Capital Losses Defeat Investment Return Dreams

In finance theory, expected returns presume a closed universe of compound growth where the income received on assets is continually reinvested without any fees, withdrawals, taxes or principal losses to reduce net gains. In reality, all of these are regularly recurring facts of life for most.

As I explain (ad nauseum?) money is like a snowball. To keep it growing, we need to roll very carefully. When we roll carelessly or too quickly, we are at high risk of breaking off big chunks that not only wipe out years of previous progress but then require time and effort to rebuild what we had in the beginning. In the process, full-cycle compound returns can easily morph into compound losses that undermine financial hopes and dreams.

After a decade working to grow back their 2007-09 losses, would-be investors are due for their next capital reset.Once the next bear market has run its course, it’s quite likely most will have netted zero or even negative investment gains since the late 1990s. Believe it or not. This is typical of how secular bear markets (that start from periods of extreme asset overvaluation) move.

Those holding corporate securities today are picking up pennies in front of an oncoming steamroller. The unprecedented advent of negative yields makes the math even more dangerous. See more in Negative is the new subprime:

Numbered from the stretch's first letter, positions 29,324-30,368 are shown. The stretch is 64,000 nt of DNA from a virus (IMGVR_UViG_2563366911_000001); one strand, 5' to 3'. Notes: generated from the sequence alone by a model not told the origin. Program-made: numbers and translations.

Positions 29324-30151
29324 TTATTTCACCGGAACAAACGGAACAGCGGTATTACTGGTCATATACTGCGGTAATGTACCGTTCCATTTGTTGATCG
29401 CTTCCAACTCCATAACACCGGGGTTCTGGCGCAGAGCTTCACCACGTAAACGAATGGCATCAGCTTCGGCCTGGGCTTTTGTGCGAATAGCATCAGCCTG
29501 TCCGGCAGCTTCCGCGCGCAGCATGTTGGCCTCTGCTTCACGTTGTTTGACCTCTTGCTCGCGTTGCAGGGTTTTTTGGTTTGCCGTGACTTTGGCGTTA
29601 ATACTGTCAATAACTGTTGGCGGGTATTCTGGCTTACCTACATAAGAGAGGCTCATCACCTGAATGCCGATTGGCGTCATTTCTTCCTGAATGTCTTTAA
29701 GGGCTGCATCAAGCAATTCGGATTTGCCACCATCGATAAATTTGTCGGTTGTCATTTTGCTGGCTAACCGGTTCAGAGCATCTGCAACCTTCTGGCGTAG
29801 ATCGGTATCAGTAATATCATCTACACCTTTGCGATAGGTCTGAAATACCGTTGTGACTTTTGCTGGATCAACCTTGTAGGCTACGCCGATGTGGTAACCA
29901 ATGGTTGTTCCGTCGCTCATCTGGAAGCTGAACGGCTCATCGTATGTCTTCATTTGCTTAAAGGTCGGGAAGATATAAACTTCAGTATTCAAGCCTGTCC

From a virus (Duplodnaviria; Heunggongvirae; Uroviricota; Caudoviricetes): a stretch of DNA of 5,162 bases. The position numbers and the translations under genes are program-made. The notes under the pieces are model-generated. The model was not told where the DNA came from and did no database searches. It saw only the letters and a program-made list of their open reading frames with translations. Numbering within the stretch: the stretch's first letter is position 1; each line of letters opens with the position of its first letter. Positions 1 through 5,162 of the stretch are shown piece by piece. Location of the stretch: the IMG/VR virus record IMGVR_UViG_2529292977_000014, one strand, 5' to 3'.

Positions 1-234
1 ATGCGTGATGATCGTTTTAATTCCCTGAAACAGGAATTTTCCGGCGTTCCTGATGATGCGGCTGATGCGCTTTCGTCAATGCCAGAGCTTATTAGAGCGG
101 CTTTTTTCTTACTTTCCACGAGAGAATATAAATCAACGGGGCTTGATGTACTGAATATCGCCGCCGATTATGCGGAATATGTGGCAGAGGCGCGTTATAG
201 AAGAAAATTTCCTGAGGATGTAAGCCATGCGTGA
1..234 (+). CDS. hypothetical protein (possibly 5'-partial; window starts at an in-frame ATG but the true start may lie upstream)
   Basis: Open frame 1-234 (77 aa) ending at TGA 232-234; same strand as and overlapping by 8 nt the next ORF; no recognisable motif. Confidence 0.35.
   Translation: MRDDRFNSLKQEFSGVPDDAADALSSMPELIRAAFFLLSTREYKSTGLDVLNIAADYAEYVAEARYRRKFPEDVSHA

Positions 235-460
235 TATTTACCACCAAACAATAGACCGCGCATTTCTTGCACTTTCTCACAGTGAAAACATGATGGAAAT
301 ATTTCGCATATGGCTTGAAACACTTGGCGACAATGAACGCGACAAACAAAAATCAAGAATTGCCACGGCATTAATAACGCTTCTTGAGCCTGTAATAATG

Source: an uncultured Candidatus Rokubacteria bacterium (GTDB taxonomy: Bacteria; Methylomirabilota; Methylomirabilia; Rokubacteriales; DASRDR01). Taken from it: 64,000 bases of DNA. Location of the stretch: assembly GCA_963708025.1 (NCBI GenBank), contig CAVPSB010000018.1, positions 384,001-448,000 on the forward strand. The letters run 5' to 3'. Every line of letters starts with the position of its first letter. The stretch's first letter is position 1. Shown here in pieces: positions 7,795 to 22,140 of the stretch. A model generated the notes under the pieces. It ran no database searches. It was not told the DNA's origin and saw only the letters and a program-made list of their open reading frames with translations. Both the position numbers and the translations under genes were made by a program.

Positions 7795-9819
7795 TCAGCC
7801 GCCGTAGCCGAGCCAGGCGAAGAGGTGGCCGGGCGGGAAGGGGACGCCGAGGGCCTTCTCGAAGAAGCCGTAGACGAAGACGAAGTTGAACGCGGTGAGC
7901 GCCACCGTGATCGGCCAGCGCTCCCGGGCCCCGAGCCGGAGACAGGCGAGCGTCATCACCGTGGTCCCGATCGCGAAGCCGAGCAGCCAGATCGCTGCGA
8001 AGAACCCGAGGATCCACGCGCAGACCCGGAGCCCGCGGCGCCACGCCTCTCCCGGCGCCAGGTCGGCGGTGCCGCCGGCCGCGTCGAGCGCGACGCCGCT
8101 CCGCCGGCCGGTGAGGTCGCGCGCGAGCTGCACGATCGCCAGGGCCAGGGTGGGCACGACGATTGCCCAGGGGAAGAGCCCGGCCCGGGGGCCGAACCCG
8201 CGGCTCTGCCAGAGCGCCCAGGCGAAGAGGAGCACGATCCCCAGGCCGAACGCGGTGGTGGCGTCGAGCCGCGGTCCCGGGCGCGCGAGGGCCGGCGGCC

Compounding wealth is the most important and most difficult financial concept for investors to grasp. Over the last ten years, many investors spent significant time recouping losses from the financial crisis, and they assumed great risk in doing so. Having recovered some or all of those losses, many are back in a position of compounding wealth. At this point, they can continue to look backward and believe that irrational policies will ensure that the past is prologue, or they can exercise some independent thought and recognize that the risk of another serious drawdown is not negligible. Prudent risk management is very generous to those who elect patience over expedience. Most financial advisors will not volunteer a fee-reducing, conservative approach even though it would be in their own best interest to do so at critical times.

Disclosure: None.

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